As promised, this week we are going to contemplate “gaydar,” a concept which has been in the headlines lately, from Rosie’s gleeful product placement of the Gaydar Gun (yes, it actually exists!) on her show, to a recent study just last week conducted by researchers at Albright College about how “gaydar” might be attributable to the human penchant (according to their data) to read less symmetrical faces as signifiers of “The Gay”:
(I’m amused by the fact that this study, consisting of a data-set derived from the responses of 40 subjects, has had such a ripple effect in the media. Then again, people spend hours looking at kitty videos and videos of two girls, um, “playing with” a cup.)
This study is just one of many that have cropped up over the past 10 years, many of which have found their way into mainstream media to propagate the idea of “gaydar” to a broader audience. One of the more interesting studies I’ve come across is that by William Lee Adams, who did his undergrad thesis at Harvard on the anthropological causes of gaydar. He observed that its existence and its perpetuation in society — if only as slang in contemporary parlance — bespeaks its usefulness; he cites two primary reasons for its development:
For Williams, what’s of importance is not gaydar’s etymological or ontological origin(s) but its functionality. It’s purpose. (Here I could postulate a correlation between this valuation and my own valuation of the ethics of sexuality over its potential origin(s) — but this is just mean beating my own drum — Go Cynthia, Go!) Gaydar literally protects (“fend[s] off anti-gay prejudice”) and preserves (because, of course, “The Gay” blooms when in love!).
A reader (“Cold drink…”) of one of my previous posts on intuition explicated her notion of “gaydar” as an externalizing form of intuition:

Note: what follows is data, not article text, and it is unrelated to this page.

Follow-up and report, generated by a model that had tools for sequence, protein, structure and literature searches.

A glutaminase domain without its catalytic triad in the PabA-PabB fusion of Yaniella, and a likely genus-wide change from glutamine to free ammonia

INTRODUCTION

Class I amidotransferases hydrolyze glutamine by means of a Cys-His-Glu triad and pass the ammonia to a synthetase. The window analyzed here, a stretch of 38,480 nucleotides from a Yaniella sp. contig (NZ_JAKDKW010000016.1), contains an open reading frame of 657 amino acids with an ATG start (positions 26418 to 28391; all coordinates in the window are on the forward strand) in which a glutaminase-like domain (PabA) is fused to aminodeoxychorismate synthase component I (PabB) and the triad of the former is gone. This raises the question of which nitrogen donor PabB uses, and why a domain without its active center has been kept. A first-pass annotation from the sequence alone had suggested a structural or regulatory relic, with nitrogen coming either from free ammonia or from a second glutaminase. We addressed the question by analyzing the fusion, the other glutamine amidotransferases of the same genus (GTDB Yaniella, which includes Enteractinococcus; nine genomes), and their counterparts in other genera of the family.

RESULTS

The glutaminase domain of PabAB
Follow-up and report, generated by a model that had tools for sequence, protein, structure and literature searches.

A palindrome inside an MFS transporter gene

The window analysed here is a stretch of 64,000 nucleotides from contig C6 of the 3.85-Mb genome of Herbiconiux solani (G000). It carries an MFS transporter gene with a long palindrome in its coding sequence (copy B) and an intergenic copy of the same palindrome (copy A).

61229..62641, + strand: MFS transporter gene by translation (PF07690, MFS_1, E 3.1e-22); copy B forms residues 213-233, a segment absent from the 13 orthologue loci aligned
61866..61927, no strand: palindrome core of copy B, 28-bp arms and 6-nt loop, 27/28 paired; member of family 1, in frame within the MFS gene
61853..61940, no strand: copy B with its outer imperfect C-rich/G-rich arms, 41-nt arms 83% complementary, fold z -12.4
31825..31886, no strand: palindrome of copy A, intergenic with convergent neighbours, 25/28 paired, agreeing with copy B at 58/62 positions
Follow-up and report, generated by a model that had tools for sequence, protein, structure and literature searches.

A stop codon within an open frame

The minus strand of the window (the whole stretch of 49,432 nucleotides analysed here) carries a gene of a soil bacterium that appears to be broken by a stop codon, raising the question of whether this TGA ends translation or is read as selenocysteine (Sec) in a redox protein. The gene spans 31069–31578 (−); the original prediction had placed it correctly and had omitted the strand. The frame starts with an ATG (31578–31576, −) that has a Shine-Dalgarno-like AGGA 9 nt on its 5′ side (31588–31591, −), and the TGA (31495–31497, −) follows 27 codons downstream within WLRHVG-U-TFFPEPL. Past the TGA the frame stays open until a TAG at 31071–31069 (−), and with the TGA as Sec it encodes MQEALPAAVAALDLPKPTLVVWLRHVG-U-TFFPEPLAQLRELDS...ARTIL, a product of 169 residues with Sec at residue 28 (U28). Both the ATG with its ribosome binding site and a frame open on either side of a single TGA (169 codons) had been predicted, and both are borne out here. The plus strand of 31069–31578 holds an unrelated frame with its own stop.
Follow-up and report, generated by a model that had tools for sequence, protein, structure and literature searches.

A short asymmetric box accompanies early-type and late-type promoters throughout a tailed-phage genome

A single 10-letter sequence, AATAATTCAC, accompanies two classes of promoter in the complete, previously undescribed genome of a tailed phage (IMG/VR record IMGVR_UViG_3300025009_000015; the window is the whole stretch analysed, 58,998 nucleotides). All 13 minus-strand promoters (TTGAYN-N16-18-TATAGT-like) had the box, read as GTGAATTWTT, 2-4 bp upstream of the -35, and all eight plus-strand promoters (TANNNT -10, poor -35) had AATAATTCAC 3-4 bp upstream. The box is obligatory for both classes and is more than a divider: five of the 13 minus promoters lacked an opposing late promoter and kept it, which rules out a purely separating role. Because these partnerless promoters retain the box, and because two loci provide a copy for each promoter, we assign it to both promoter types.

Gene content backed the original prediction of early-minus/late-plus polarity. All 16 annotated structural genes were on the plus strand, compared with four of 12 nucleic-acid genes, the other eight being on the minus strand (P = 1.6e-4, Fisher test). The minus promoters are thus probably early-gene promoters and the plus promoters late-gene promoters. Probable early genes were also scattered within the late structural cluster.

OK, how superb is this commentary?! I think the final sentence encapsulates her overarching assertion: that gaydar “is an outward projection of that intuition,” an intuition, she articulates, that is profoundly connected to surmising what she identifies as “gay” but what, in actuality, is pinpointed through gender deviancies.
This “outward projection” is enabled by perception, primarily visual, non-verbal cues (but not solely visual cues, need I mention how a fine, husky, butch voice makes me turn my head). I want to posit — and here, I’d love your thoughts, gentle readers — that gaydar is comprised of the interplay between intuition and perception.
But I want to debate the idea that what we’re identifying is sexuality. I think what we’ve deemed “gaydar” is actually “gendar” (get it?)—because what we’re reading are attributes of gender that we understand with and contextualize within socio-cultural cues and norms. Because there is a cultural association, correct or not, between gender deviance and sexual deviance, an elision is created in which we conflate gender with sexuality, confuse gender as sexuality. Or, as I wrote my second Pop Theory column:
How would you define gaydar? Do you think that perception and intuition are its key components? As well, do you believe it’s actually “gaydar,” or might we want to re-think this concept in favor of calling it “gendar”?
Dr. Marcie Bianco is now a resident of Brooklyn but is still gloriously unemployed— as only one with a handful of useless degrees could be. She currently serves as the Editorial Director of VelvetPark.